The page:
After blogging about food from home yesterday, I was literally drooling and homesick for a taste from the past. As it was already 19h on a Sunday evening, I didn’t have hours to prepare something complex. Also, apart from “salad stuff”, which is pretty useless in Singaporean cooking, I only had 2 whole chicken legs and spring onions in my fridge! I flipped through my new cookbooks anyway and came upon the perfect recipe for my meager supplies.
The recipe comes from the cook book “Uncle Anthony’s Hokkien recipes”. Sorry I haven’t re-typed it out but I rather be spending my time cooking than copying out recipes, but I will tell you how I modified it!
-As I didn’t have any fresh chillis, I just used 1 tablespoon (tbsp) of my home made chilli made from garlic, ginger, fresh chillis, lime juice and (homemade) chicken stock!
-As I didn’t have Chinese rice wine, I used 1/2 tbsp of Japanese rice vinegar and 2 tbsp Chinese plum wine. But I think if you have Sherry, that will do too.
-I love sesame oil so I added 1 tbsp instead!
-And although they tell you to reduce the liquid to a gravy like consistency, Don’t! The sauce is really good with the rice and I regretted not having more in the end.
The end result, after only 15 minutes of cooking, was a delicious pot of chicken “stew” that reminded me of home.
So now that the essential part of my post is done, I can go on to telling you more about the cultural background behind dish and you can decide if you want to read it or if you just want to cook it right away! I often look for a recipe just before I want to cook it and I get quite annoyed when I have to stroll through 2 pages of info on the dish, no matter how interesting it may be, just to get to the recipe, so I promise I will never do that here!
As I mentioned earlier, this recipe comes from the cook book “Uncle Anthony’s Hokkien recipes”. So what is “Hokkien”? In Singapore, the Chinese are grouped according to our dialect groups and Hokkien is one of them. According to Wikipedia, it is a Chinese dialect group that originated from Southern Fujian in China, and is still spoken widely in South East Asia, South Eastern China, Taiwan and overseas Chinese. For me, it used to be one of the main Chinese dialects spoken in the streets of Singapore, now replaced by Mandarin.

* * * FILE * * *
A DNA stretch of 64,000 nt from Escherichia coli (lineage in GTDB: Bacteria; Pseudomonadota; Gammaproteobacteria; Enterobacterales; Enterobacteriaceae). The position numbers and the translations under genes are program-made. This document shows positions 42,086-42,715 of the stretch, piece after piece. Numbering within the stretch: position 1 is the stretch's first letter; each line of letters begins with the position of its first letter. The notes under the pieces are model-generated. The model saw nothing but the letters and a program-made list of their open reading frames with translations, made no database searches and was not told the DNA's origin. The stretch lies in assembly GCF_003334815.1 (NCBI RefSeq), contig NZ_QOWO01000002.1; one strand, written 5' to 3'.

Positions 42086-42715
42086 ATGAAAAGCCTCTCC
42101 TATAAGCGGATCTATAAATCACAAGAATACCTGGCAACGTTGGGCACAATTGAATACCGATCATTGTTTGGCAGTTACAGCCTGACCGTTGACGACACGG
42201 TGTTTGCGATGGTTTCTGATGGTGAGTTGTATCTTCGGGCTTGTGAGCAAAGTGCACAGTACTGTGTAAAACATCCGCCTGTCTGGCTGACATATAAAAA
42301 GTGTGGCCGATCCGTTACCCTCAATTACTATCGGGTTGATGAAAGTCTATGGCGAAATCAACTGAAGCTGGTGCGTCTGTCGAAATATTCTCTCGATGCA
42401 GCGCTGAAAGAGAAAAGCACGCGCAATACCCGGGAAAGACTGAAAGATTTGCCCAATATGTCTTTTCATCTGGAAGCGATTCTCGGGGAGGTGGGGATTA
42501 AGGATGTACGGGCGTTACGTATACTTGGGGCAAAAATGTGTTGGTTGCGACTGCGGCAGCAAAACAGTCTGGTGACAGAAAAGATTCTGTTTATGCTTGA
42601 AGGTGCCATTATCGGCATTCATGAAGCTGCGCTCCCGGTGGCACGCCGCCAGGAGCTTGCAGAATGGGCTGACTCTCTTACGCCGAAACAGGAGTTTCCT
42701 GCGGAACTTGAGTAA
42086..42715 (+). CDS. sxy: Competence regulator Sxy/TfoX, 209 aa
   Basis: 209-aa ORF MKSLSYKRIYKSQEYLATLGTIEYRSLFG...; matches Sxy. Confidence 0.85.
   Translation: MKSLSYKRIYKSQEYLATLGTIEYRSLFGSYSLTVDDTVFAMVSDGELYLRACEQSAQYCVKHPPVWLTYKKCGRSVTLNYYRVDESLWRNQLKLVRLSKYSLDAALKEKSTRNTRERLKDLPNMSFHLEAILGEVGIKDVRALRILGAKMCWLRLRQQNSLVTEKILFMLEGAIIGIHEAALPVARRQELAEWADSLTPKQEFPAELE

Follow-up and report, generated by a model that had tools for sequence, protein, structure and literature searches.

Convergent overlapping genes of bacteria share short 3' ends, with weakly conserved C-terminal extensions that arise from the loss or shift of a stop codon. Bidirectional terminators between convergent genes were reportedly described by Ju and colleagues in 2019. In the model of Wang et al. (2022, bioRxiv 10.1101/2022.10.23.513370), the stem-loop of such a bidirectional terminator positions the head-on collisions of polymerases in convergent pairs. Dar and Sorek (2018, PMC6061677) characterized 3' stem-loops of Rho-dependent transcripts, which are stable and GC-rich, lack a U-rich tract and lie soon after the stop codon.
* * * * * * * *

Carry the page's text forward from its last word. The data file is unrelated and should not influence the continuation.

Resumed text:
Each dialect group has its own special dishes and some of the most popular Hokkien dishes are:
Hokkien MeeEgg noodles in a seafood sauce (which is a VERY simplified way of describing the dish!)
Bak Kut TehPork Ribs simmered in a 5-spice soup and garlic
Poh PiahFresh wheat flour skins filled mainly with stewed white turnip, peanuts and shrimp
and the most elaborate of all
Buddha Jumps Over The Wallwhich can consist of over 30 ingredients and takes 2 days to prepare! It is so named because the dish is reputated to be extremely good that it would entice the vegetarian Monks to jump over the monastery walls to eat this dish, which contains smoked ham among other delicacies like abalone, scallops, sea cucumber and ginseng! I can safely say I will not be making this dish
ever very soon.
Hokkien cooking puts its emphasis on retaining the natural flavour of the main ingredients instead of masking them and often uses a fermented fish sauce in their dishes, which is quite unusual for me, as I only ever used fish sauce in Thai or Vietnamese cooking. Their main cooking methods are braising, stewing steaming and boiling. Perfect for now, as Winter Is Coming… (Yes. I am a Game of Thrones fan…)
Hope you enjoyed reading this and if you try the recipe yourself, let me know if you liked it too!